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2017 Wall of Fame Inductee -- Mr. Terry Cummins



Terry Cummins

Terry was born in the hills of Pendleton County, Kentucky in the house his great-grandfather built after fighting in the Civil War. He grew up on this family farm, part of which has been in the family for nearly 150 years. Pendleton County will always be his home where he attended the Short Creek Baptist Church, Goforth Elementary School and graduated from Morgan High School in 1952. Then after receiving a B. A. degree from Transylvania University, he served two years in the U.S. Navy.

Terry then began a career in education, serving two years as an English teacher and coach followed by 31 years in administration primarily as a high school principal in Kentucky and southern Indiana. He served as principal of Pendleton County High School from 1962 until 1970, and then became principal of Jeffersonville High School in Indiana. He also received a M. A. from the University of Kentucky and taught college courses for a time.

After retirement from public education, Terry began a second life subscribing to the creed that, “Life is an adventure, or nothing.” His adventures include running marathons, climbing mountains, trekking through many parts of the world, and his compulsion—writing. He ran his first marathon at age 63, climbed his first mountain on his 64th birthday, and then summited a 20,000-foot mountain two days later.

Terry published his first of over 800 articles after age 66, and currently writes a weekly article for two newspapers. He published his first of six books at age 69, with a seventh underway. Terry traveled through Siberia, and trekked above the base camp at both the north and south face of Mt. Everest and above base camp at K2. He lived with the people in India for a month, climbed mountains in the Andes in South America and has trekked through many parts of this beautiful world.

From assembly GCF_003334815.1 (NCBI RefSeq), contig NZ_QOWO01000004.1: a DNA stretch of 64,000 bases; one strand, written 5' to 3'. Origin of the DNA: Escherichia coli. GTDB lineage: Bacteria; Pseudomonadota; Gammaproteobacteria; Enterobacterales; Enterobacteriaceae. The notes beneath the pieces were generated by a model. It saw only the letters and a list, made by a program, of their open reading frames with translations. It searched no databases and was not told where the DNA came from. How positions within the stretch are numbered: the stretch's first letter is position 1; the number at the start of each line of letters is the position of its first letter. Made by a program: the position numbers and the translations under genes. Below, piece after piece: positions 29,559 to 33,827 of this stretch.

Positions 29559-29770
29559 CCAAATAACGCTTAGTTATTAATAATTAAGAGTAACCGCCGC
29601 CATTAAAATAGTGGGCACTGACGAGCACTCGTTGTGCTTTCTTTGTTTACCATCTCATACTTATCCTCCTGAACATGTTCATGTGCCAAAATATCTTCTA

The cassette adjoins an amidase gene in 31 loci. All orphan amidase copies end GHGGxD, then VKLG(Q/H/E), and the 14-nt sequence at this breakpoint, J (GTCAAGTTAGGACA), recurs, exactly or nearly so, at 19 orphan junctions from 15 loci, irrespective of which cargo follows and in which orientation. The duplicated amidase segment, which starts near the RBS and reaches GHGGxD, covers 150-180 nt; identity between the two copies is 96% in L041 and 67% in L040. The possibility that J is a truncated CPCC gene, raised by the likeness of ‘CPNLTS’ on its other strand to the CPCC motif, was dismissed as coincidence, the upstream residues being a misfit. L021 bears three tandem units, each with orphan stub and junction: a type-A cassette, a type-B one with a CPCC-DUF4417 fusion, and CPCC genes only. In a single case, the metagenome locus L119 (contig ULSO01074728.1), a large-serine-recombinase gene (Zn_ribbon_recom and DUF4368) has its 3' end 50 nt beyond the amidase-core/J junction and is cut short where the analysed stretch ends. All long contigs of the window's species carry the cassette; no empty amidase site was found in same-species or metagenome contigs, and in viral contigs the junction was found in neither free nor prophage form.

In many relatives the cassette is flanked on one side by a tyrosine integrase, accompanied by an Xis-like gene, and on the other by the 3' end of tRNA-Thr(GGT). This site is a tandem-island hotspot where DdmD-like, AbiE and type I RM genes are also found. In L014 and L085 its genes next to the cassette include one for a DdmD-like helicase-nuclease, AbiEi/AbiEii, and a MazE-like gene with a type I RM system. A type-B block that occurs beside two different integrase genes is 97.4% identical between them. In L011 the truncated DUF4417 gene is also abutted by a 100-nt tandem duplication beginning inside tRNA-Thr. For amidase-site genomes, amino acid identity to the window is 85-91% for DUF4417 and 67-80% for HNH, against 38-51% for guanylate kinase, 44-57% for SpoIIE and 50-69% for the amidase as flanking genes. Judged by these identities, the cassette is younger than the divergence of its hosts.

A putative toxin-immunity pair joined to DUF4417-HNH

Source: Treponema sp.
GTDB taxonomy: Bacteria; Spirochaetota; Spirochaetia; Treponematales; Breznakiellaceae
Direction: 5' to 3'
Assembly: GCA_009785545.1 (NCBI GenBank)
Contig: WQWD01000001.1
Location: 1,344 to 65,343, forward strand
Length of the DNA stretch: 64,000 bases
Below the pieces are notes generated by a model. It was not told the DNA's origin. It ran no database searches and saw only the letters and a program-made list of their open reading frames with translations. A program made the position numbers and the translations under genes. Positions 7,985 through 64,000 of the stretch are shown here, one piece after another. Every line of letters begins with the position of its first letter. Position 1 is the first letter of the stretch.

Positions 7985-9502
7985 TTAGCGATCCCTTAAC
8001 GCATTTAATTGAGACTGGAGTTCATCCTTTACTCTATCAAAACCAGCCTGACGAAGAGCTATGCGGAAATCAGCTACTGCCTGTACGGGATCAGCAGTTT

His first book, Feed My Sheep, is about growing up on the family farm with his grandfather, who taught him how to care for all life around them. It was during the Great Depression in the 1930s, and a way of life as it had been for centuries. He joined the modern world at the end of World War II when electricity brightened their home. And then he plunged into the cyberworld 50 years later when computers changed his life again.

His second book, How Did Back Then Become Right Now? is a collection of his early articles and essays. His only work of fiction, Briny’s Gift, is based on people he grew up and worked with on the farm. It tells the story of how a boy from Appalachia taught his father how to read. Retirement is a Blast: Once You Light the Fuse, is an account of some of his exciting adventures previously mentioned.

After Terry met Anne Frye Caudill in 2004, he was compelled to tell her fascinating story in, The Caudills of the Cumberlands: Anne’s Story of Life With Harry. Terry’s sixth book, My Life In A Schoolhouse: From a Barnyard To A Schoolyard, is about his career as a high school principal, which is the most exciting, but nerve-wracking job in the known world.  He is currently working on his seventh book, Life is Worth Living—If. As he perceives it, life is worth living if one does not deny the many blessings that the gift of life affords.

Terry’s 61-year marriage to Vera, a math teacher, was an adventure like no other. She passed in March 2016, leaving him with many wonderful and loving memories. Each day now their four children, five grandchildren and four great-grandchildren provide a daily dose of pride along with frequent and unexpected surprises.

After conquering open heart surgery and cancer toward the end of his eighty-second year, there’s other challenges and exciting adventures waiting out there. Why not jump right in?  And when the roll is called up yonder, what an adventure that will be.


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